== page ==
The European Maritime Safety Agency recently issued its “Preliminary Annual Overview of Marine Casualties and Incidents” occurred between 2014-2020.

Namely the publication contains statistics on marine casualties and incidents that: involve ships flying a flag of one of the EU Member States; occur within EU Member States’ territorial sea and internal waters; or involve other substantial interests of the EU Member States.

According to the report, based on casualties reported by the national accident investigation bodies of the EU, the total number of casualties in 2020 has reduced 18% in comparison with 2019. As explained, such positive result should be considered within the context of the on-going COVID-19 pandemic, which has been impacting the intensity of global shipping.

What is more, the most positive results were found in the number of lives lost (reduction of 48% in 2020 compared to the year 2019), while the number of injured persons.

As EMSA highlighted: Between 2019 and 2020, figures indicate a reduction of occurrences for almost all ship types, with a greater reduction for cargo ships (15%) and passenger ships (44%).

However, the number of fishing vessels involved in marine accidents remained at a similar level in 2020, as fishing activity was likely much less impacted by the outbreak.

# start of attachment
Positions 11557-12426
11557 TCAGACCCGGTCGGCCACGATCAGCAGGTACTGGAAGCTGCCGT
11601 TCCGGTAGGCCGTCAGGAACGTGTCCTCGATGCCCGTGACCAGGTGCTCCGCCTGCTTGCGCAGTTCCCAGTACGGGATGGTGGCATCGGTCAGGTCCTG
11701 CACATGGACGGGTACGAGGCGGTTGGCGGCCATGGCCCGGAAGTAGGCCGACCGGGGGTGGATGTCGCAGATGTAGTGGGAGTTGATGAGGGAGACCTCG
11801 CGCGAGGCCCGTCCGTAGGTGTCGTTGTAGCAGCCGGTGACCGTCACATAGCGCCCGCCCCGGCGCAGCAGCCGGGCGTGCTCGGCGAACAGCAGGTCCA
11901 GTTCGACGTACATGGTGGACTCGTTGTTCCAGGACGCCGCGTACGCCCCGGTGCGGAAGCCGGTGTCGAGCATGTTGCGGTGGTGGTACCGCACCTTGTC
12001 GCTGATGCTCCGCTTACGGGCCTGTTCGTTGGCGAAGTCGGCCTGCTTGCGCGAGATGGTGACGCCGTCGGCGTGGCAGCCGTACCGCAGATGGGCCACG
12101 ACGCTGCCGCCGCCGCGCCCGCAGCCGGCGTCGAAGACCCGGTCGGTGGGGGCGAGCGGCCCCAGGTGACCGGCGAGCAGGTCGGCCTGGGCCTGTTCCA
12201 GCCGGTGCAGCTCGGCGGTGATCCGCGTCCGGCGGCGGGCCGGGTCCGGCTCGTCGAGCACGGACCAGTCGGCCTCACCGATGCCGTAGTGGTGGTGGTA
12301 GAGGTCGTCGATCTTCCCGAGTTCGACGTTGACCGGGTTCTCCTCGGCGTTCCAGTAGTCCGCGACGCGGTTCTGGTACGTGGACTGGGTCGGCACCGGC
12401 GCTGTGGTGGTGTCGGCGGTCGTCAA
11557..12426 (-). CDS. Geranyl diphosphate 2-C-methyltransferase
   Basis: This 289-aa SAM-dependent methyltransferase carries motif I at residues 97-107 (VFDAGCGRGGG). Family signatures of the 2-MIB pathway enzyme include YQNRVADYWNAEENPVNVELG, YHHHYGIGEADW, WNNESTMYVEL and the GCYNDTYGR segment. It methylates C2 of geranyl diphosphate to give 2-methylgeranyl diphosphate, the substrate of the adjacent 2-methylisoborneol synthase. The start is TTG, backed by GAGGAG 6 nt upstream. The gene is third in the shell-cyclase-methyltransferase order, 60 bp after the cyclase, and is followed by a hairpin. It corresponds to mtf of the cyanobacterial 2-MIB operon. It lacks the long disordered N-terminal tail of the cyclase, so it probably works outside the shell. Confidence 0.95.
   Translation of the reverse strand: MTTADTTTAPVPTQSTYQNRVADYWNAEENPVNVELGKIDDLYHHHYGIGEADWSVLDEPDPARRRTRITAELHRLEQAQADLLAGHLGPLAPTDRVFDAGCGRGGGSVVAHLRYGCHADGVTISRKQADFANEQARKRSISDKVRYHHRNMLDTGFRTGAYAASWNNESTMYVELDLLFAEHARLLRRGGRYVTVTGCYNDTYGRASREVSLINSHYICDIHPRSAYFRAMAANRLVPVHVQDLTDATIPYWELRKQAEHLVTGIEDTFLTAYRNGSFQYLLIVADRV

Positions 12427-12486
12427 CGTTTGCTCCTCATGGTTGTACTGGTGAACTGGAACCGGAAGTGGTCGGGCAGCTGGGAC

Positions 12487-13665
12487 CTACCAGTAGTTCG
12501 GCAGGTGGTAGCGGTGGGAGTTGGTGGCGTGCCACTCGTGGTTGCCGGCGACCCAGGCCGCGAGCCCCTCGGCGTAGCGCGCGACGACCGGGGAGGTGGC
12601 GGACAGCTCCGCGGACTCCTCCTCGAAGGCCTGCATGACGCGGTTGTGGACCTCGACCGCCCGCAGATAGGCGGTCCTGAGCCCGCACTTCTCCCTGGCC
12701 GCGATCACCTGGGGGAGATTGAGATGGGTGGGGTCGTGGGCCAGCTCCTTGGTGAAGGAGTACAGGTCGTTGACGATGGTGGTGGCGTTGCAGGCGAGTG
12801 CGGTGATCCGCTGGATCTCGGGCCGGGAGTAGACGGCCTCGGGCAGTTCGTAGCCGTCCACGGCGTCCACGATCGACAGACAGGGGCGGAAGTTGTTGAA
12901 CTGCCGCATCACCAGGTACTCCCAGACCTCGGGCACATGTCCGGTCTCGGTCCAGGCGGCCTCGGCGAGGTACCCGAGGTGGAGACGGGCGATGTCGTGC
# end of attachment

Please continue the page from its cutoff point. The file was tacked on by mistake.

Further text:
Navigational events (collisions, groundings and contacts) represented the biggest part of casualties with a ship, marking 43%. At the same time, a reduction of 15% of casualties with a ship was noted.

Accident to persons represented 37% of all marine casualties. In comparison with 2019, a drop of 28% was noted. In addition, during 2020, 7 vessels were lost, 5 of them being fishing vessels.

The number of pollutions resulting from marine casualties continued decreasing in 2020. In fact, since 2014, an overall reduction of 68% was noted.

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Accident Investigation bodies of the European Union have launched 923 investigations during the past 6 years, among them 757 were concluded. 74 investigations were initiated in 2020.

Concluding, the overall number of investigations led to 2011 safety recommendations and actions taken, targeting mainly Ship Related Procedures / Operations and Human Factors / Training, skills and experience.

Source: Safety4Sea

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